(Glen Ridge, New Jersey, 1954 - )
Lives New York City
Cindy Sherman attended State University of New York in Buffalo, where she received her BFA in 1976. Originally a painting student, Sherman found that “there was nothing more to say [through painting]. I was meticulously copying other art and then I realized I could just use a camera to put my time into an idea.” In 1974, while still a student, Sherman joined artists Robert Longo and Charles Clough in the founding of an alternative exhibition space (now a non-profit) called Hallwalls.
When Sherman moved to New York City in 1977, she had already started exploring the idea of casting herself in various roles to create series of photographs, resulting in self-portraits that are not self-portraits. Sherman’s seminal Untitled Film Stills series, shown in the artist’s first solo exhibition at Metro Pictures in 1981, featured female archetypes of 1940s film noir and 1950s and 60s French New Wave films. The same year, Artforum magazine commissioned twelve works, known as the Centerfold series for their horizontal format and female subject. The images suggest multiple narrative possibilities, but are frequently interpreted as feminist works because they seem to respond to the depiction of women in the centerfolds of girlie magazines. Both the Untitled Film Stills and Centerfolds were included in the 1984 Akron Art Museum-organized Cindy Sherman exhibition, which traveled to seven venues, including the Whitney Museum of American Art, New York City and the Walker Art Center, Minneapolis, Minnesota. Sherman’s subsequent bodies of work engage with diverse sources ranging from art history to clowns and obscenity politics. Long considered one of the foremost practitioners of postmodern photography, Sherman has also been associated with the “Pictures Generation” of artists making work that relates to television and mass media representations. As Sherman has stated, “the one thing I’ve always known is that the camera lies.”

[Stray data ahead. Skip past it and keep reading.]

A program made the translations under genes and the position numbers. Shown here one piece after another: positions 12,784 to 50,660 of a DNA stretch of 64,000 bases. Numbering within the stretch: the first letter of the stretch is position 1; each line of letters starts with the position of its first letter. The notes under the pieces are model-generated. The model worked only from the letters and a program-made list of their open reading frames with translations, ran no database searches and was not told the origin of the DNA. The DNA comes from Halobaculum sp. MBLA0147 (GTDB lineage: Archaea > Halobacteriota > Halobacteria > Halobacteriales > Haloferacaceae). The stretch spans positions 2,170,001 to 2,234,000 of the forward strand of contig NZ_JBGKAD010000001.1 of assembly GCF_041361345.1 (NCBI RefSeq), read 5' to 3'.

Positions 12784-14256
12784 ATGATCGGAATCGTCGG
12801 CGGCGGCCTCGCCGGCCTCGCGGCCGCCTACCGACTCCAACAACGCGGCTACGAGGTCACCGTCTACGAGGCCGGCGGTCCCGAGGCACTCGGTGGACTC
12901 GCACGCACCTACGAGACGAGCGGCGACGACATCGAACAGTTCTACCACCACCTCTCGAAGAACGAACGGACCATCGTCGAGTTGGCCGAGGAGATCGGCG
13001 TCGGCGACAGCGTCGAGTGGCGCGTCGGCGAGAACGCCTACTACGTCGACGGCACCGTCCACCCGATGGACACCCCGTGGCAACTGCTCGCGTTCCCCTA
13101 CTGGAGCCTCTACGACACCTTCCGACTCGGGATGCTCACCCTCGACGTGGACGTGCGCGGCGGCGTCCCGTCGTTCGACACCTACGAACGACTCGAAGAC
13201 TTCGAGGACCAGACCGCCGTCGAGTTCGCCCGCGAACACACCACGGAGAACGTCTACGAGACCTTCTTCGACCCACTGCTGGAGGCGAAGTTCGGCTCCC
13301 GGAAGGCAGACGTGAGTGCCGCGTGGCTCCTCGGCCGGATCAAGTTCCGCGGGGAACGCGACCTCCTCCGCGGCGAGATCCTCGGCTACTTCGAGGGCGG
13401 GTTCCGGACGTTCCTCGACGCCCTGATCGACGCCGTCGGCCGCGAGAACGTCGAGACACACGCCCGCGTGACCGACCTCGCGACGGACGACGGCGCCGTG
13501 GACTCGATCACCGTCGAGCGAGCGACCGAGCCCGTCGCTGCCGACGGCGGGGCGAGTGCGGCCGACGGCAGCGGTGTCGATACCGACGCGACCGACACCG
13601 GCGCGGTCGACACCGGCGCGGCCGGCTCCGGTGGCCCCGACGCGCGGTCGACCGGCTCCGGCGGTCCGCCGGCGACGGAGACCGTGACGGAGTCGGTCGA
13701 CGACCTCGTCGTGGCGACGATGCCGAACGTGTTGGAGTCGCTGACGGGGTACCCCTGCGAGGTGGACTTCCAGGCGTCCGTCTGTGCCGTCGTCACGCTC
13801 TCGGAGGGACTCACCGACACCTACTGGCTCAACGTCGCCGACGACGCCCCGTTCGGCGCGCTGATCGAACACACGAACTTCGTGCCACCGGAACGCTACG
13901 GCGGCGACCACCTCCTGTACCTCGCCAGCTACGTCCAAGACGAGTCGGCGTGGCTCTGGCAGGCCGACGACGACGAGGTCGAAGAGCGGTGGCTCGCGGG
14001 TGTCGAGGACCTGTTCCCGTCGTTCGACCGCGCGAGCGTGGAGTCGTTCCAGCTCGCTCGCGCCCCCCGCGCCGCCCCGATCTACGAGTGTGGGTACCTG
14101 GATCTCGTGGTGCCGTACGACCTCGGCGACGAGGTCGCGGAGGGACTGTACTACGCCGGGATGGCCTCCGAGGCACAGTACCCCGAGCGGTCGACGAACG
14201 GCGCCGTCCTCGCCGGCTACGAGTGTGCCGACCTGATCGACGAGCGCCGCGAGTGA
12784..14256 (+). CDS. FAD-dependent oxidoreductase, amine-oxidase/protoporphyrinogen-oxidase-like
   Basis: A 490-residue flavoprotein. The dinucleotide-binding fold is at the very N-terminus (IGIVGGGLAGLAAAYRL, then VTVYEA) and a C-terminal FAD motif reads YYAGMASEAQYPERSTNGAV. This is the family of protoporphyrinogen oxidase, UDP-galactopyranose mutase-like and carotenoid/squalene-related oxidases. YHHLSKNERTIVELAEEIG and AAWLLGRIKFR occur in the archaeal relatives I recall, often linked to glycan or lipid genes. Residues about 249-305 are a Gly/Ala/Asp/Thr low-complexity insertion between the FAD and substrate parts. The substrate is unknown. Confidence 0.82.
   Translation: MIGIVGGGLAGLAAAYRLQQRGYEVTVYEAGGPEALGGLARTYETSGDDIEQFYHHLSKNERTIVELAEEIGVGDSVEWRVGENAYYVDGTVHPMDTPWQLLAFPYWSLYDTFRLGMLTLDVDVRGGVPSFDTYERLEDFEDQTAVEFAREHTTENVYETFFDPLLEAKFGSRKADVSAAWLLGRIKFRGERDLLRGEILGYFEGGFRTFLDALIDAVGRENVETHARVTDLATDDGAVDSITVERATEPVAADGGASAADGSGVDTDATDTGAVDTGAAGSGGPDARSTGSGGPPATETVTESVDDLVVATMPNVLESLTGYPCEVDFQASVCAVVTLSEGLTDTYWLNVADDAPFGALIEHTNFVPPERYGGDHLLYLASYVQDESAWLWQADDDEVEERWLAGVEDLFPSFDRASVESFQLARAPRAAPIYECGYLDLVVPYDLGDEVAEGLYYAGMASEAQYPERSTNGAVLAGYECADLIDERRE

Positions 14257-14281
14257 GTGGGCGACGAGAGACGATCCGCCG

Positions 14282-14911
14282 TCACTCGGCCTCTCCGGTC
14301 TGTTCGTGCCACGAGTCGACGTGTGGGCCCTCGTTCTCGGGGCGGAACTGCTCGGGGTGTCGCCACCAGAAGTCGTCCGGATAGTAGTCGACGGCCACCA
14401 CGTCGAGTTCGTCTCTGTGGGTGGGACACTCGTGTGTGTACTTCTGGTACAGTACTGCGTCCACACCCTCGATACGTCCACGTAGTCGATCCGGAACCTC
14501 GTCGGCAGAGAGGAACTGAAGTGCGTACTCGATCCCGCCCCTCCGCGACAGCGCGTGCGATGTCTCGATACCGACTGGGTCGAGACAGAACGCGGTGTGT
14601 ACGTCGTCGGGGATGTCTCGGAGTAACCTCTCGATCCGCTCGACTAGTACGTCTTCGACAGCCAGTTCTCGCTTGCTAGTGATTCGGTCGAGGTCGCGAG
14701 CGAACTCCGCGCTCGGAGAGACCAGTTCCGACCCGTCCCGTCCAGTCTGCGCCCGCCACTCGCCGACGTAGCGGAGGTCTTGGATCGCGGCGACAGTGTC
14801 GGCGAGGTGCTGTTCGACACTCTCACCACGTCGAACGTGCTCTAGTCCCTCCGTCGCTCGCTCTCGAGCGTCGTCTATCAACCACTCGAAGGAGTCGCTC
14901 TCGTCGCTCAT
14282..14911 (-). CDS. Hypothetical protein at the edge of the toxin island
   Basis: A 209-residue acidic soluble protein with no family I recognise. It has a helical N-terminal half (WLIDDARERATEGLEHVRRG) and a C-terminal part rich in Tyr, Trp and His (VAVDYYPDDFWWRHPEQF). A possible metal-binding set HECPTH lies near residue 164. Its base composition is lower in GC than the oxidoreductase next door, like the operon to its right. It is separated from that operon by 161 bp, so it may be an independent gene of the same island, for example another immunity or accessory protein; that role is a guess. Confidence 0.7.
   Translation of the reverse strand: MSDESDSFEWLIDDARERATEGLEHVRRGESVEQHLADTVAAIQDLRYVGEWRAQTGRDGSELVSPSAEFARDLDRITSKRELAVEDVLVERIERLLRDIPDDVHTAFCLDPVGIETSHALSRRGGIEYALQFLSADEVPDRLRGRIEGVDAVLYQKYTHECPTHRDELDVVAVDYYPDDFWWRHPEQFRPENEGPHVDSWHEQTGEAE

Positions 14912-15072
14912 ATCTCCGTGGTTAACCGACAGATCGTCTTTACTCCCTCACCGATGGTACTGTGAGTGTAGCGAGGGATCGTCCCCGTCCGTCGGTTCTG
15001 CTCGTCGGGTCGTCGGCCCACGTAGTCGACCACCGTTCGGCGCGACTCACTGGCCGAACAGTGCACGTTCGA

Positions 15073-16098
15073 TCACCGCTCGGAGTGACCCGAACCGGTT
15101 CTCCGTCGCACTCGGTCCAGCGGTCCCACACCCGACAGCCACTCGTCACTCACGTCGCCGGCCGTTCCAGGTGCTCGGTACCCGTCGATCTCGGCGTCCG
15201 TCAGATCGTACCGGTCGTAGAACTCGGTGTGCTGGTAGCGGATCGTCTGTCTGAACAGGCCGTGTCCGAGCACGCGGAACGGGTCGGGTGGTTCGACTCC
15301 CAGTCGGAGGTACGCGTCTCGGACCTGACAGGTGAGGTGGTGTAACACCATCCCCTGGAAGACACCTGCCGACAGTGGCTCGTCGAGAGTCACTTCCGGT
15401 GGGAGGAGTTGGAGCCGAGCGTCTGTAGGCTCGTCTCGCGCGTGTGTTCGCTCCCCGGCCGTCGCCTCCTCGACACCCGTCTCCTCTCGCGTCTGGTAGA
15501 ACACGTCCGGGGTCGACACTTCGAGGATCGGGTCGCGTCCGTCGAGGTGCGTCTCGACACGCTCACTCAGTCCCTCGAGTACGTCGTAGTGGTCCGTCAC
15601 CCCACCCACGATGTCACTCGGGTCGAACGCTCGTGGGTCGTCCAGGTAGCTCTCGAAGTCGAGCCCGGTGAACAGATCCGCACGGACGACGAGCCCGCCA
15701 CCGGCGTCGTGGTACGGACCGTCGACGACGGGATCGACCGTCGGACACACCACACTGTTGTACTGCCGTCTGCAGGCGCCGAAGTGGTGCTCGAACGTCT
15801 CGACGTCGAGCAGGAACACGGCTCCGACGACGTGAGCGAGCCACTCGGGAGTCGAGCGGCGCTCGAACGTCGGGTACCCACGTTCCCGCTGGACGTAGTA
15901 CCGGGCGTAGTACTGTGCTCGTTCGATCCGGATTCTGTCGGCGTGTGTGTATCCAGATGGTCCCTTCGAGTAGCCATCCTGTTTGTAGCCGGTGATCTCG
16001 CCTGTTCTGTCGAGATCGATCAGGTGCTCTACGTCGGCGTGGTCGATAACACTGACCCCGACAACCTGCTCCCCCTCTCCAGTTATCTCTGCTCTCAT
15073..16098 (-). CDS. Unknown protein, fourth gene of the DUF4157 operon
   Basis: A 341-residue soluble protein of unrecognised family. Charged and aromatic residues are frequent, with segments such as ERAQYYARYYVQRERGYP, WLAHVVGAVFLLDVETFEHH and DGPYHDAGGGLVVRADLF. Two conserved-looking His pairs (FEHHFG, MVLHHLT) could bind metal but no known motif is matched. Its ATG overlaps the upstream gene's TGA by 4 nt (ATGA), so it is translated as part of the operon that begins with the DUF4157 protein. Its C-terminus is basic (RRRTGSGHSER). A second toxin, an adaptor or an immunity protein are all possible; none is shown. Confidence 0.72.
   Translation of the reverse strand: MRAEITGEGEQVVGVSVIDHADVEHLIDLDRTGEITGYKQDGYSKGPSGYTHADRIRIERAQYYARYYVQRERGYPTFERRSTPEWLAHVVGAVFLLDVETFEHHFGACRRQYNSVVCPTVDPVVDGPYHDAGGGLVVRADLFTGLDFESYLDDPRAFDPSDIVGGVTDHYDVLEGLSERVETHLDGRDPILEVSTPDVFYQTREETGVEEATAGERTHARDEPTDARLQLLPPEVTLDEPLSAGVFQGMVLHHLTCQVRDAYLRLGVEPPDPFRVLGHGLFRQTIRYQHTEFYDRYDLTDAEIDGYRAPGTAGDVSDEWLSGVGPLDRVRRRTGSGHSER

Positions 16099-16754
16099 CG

Cindy Sherman’s work has been widely exhibited nationally and internationally. Career highlights include exhibitions at the Museum of Modern Art, New York City (1997 and 2012) and the Serpentine Gallery, London (2003), among others. Her work has been featured at the Venice Biennale in 1982, 1995 and 2011. Among her many awards, Sherman was honored with a “genius” grant from the Catherine T. MacArthur Foundation in 1995.